First, in case you missed it, tumblr user virjn posted on tumblr that they thought John Green was a creep. Then, a bunch of people reblogged it, someone added something about John Green being a pedophile. John Green was tagged in a reblog. And, then John Green responded by saying that he does not sexually abuse children. Which was a libelous claim and I’m willing to believe that he’s telling the truth. And, it’s totally not the thing I want to talk about. I want to talk about the original post, the post that was hijacked by people who are in love with the outrage cycle or are just trolls or are just terrible people. (The hijacking itself is probably its own post but I don’t want to talk about that, either.) I want to talk about how the original poster and their feelings that John Green is creepy. John Green’s online persona squicked this person out enough that they posted about on tumblr. And, it is probably a fair bet that other men, young and old are doing the same thing and don’t understand why women find them off-putting.

Everyone who saw the original post missed an opportunity to explore why John Green sometimes comes off as creepy. And, before you say, “If you don’t like it, just unfollow John Green.” And, you’re right. On the internet, that’s an easy option. If John Green is making you uncomfortable, don’t read what he posts. But, people are going to creep you out and you can’t always ‘unfollow’ them. So, exploring why people creep you out and what other things that can be done about it is invaluable.

Sometimes people make us feel uncomfortable and we should trust those feelings. We might even want to try to figure out why we have those feelings and what can be done about it. Art, literature, and the media we consume give us opportunities to explore situations and life experiences that we might have an interest in. They also give us an opportunity to explore feelings that we might have. An important part of creating and consuming art, literature and media is the need to critique it(and John Green’s internet persona is something that is different from him as a person and so I’m considering it worthy of critique). We need to thoughtfully engage not only in the creation of things but in considering the pros and cons of things after they’ve been created.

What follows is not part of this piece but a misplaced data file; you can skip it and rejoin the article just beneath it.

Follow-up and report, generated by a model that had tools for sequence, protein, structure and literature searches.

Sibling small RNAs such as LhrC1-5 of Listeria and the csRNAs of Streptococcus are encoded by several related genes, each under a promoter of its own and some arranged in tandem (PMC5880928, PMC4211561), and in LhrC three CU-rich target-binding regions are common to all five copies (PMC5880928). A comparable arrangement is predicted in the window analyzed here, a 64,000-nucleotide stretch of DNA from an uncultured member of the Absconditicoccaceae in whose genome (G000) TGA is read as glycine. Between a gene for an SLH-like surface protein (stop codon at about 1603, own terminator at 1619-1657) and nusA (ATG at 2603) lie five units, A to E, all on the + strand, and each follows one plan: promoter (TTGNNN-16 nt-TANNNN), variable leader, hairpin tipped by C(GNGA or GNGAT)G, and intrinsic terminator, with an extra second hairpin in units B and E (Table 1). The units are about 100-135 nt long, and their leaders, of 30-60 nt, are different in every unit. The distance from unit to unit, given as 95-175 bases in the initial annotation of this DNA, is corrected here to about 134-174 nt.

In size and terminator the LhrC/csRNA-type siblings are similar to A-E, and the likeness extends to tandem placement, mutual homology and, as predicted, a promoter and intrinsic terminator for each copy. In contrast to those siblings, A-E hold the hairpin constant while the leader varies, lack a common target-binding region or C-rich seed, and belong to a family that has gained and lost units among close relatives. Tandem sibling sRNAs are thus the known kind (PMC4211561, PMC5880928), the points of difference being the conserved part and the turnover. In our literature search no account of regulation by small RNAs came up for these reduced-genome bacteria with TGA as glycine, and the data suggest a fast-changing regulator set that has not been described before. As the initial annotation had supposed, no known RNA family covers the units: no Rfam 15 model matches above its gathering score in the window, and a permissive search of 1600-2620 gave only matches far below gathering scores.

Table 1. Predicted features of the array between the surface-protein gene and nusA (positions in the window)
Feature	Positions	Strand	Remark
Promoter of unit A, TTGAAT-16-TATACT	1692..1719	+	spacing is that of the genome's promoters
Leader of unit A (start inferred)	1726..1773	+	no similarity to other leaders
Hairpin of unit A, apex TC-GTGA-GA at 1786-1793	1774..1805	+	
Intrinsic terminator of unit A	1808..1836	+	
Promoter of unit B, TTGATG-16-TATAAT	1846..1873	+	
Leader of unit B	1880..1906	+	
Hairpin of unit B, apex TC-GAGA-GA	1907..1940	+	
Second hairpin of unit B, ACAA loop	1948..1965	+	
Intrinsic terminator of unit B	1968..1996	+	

As Teresa Jusino of The Mary Sue noted, John Green could have read the comment and said, “right, okay. I didn’t intend for you to feel this way. Your feelings are valid. Let’s talk about this.” John Green, as an adult who writes books for teens, had a tremendous opportunity to start a meaningful conversation about unequal power dynamics, feeling uncomfortable, and how to deal with it. He missed it. The other authors who came to his defense and shamed people for making light of actual rapes and sexual assault missed an opportunity As Camryn Garrett HuffPo noted, we may have just told a young woman not to trust her feelings which might lead to terrible future consequences. (That HuffPo piece is a great read, by the way). This isn’t necessarily on the authors to do this work. They aren’t responsible for always being their to listen and direct their fans. We, as adult readers of teen books, need to make sure that we are not missing these opportunities to have meaningful conversations when they come our way. We might not create the art, but we consume it and our lives create the contexts that the art exists in. As adults who read teen books if we do anything, we should be doing what we can to make space for teens in our conversations so that they can thoughtfully explore art, literature and media and have good examples of how to respond when something is problematic or makes them uncomfortable.